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Budget crunch: North Texas cities, counties grapple with COVID-19’s bite

The financial fallout from the coronavirus pandemic has local governments across North Texas and statewide wrestling with revenue shortfalls.
Credit: KGW
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The financial fallout from the coronavirus pandemic has local governments across North Texas and statewide wrestling with revenue shortfalls in sales taxes, property taxes, hotel occupancy taxes, and other sources that are eating into their current budgets and threatening future ones.

The most immediate threat: The heavy job losses, stay-at-home orders, and closure of businesses due to the pandemic has caused sales tax revenues, which make up a significant portion of cities’ budgets, to fall in varying degrees, some of them dramatic.

The next shoe to drop: Property tax revenues — a cornerstone of both city and county budgets — are widely expected to shrink thanks to the pandemic-induced recession as residential and commercial properties are reappraised in future years.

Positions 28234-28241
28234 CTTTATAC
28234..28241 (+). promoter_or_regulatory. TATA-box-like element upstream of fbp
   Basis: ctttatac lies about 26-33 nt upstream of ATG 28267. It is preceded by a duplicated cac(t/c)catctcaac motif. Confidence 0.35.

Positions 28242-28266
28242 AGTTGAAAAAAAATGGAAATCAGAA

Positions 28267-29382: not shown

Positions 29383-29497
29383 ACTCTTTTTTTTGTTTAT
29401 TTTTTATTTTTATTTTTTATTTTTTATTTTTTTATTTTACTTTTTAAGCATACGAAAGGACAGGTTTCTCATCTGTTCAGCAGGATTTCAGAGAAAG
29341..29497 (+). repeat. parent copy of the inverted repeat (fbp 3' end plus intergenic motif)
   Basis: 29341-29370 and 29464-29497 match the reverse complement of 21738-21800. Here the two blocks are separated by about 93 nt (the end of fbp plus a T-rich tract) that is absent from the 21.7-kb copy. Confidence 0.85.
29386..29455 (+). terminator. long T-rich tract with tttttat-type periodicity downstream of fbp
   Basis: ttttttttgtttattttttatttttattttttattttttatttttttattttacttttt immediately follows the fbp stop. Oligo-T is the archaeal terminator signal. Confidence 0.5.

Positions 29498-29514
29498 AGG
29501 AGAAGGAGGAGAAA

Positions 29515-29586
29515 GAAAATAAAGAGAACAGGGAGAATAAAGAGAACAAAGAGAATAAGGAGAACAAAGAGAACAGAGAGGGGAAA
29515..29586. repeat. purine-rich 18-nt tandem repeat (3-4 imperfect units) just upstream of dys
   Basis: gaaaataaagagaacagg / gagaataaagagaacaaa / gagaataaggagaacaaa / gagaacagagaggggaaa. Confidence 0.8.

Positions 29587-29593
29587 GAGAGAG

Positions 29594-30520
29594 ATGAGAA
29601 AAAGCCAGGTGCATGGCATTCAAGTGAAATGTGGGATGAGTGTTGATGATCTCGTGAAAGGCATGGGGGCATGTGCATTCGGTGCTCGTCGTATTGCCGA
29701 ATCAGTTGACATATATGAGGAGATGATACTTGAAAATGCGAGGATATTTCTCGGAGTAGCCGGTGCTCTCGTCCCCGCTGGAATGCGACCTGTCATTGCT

Almost 35 percent of 500-plus Texas cities that responded to a mid-year survey by Texas Municipal League said their current revenue was lower than last year’s revenue through June, citing COVID-19 repercussions as the reason. Only 14 percent, however, said their city was likely to raise the property tax rate to help cover the cost.

2020 Mid-Year Fiscal Conditions Survey Results:

In addition to sales and property tax shortfalls, other revenue sources that local governments rely on, such as hotel occupancy taxes, alcoholic beverage taxes, franchise fees charged to utility providers, parking tickets, overdue book fines and payments to rent pavilions in city parks, are also dropping or expected to fall as the virus keeps businesses restricted and people closer to home and holding tight to their wallets.

Texas collected $2.67 billion in state sales tax revenue in June, down 6.5 percent from what the state brought in during the same month last year. The 6.5 percent slide was greeted as good news after May, when Texas collected about $2.6 billion in sales tax revenue, ringing in a flabbergasting 13.2 percent less than the roughly $3 billion the state collected in May 2019, according to data from the state comptroller’s office.

Breaking it down to the city level, in Dallas, sales tax revenues for purchases made in May were down 12.8 percent compared to the same month last year, according to the most recent numbers available for cities. That was an improvement from April when Dallas’ sales tax revenue plunged 18.9 percent year over year. In March, there was a 9.4 percent year-over-year reduction.

“Sales tax is about 25 percent of our general fund budget, so to have a quarter of your revenue be so volatile and uncertain, that’s really difficult,” said Elizabeth Reich, the city’s chief financial officer.

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